While plankton are most abundant in surface waters, they live throughout the water column. At depths where no primary production occurs, zooplankton and bacterioplankton instead consume organic material sinking from more productive surface waters above. This flux of sinking material, so-called marine snow, can be especially high following the termination of spring blooms.

The local distribution of plankton can be affected by wind-driven Langmuir circulation and the biological effects of this physical process.

Ecological significance

Food chain

Aside from representing the bottom few levels of a food chain that supports commercially important fisheries, plankton ecosystems play a role in the biogeochemical cycles of many important chemical elements, including the ocean's carbon cycle. [25]

Carbon cycle

Primarily by grazing on phytoplankton, zooplankton provide carbon to the planktic foodweb, either respiring it to provide metabolic energy, or upon death as biomass or detritus. Organic material tends to be denser than seawater, so it sinks into open ocean ecosystems away from the coastlines, transporting carbon along with it. This process, called the biological pump , is one reason that oceans constitute the largest carbon sink on Earth. However, it has been shown to be influenced by increments of temperature. [26] [27] [28] [29] In 2019, a study indicated that at current rates of seawater acidification, we could see Antarctic phytoplanktons smaller and less effective at storing carbon before the end of the century. [30]

It might be possible to increase the ocean's uptake of carbon dioxide (CO
) generated through human activities by increasing plankton production through seeding , primarily with the micronutrient iron. However, this technique may not be practical at a large scale. Ocean oxygen depletion and resultant methane production (caused by the excess production remineralising at depth) is one potential drawback. [31] [32]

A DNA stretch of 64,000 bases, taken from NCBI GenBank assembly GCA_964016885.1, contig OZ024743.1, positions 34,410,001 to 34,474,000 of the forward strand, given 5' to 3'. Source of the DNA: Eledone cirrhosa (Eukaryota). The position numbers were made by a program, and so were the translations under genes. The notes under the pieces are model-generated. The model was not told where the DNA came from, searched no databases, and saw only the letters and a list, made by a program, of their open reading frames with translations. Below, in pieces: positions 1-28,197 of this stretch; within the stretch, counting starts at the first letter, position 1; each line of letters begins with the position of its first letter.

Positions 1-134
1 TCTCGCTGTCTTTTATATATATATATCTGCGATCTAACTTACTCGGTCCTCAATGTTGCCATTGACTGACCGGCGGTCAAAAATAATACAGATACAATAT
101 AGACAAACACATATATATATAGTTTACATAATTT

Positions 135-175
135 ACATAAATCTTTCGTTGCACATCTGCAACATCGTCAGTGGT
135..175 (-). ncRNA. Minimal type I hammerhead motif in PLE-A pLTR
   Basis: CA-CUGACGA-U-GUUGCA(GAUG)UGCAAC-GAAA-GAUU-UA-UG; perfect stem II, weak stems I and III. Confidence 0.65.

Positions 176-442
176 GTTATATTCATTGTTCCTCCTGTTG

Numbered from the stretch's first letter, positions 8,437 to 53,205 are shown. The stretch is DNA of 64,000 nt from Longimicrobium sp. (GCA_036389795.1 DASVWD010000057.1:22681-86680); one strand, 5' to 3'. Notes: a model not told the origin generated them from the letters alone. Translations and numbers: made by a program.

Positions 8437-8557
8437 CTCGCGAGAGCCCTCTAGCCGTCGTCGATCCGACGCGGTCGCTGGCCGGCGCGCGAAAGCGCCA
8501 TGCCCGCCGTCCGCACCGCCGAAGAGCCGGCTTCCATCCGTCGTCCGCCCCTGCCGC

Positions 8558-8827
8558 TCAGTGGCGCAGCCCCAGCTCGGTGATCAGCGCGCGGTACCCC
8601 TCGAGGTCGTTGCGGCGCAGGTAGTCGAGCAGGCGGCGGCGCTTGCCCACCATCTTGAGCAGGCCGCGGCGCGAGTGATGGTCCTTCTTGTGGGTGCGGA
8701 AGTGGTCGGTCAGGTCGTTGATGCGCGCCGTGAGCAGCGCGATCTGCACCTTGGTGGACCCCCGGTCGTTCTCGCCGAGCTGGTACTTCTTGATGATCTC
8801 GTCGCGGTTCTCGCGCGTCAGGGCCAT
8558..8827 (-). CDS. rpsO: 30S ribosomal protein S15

Oxygen production

Phytoplankton absorb energy from the Sun and nutrients from the water to produce their own nourishment or energy. In the process of photosynthesis, phytoplankton release molecular oxygen (O
) into the water as a waste byproduct. It is estimated that about 50% of the world's oxygen is produced via phytoplankton photosynthesis. [33] The rest is produced via photosynthesis on land by plants. [33] Furthermore, phytoplankton photosynthesis has controlled the atmospheric CO
balance since the early Precambrian Eon. [34]

Biomass variability

Amphipod with curved exoskeleton and two long and two short antennae Amphipodredkils.jpg
Amphipod with curved exoskeleton and two long and two short antennae

The growth of phytoplankton populations is dependent on light levels and nutrient availability. The chief factor limiting growth varies from region to region in the world's oceans. On a broad scale, growth of phytoplankton in the oligotrophic tropical and subtropical gyres is generally limited by nutrient supply, while light often limits phytoplankton growth in subarctic gyres. Environmental variability at multiple scales influences the nutrient and light available for phytoplankton, and as these organisms form the base of the marine food web, this variability in phytoplankton growth influences higher trophic levels. For example, at interannual scales phytoplankton levels temporarily plummet during El Niño periods, influencing populations of zooplankton, fishes, sea birds, and marine mammals.

The effects of anthropogenic warming on the global population of phytoplankton is an area of active research. Changes in the vertical stratification of the water column, the rate of temperature-dependent biological reactions, and the atmospheric supply of nutrients are expected to have important impacts on future phytoplankton productivity. [35] Additionally, changes in the mortality of phytoplankton due to rates of zooplankton grazing may be significant.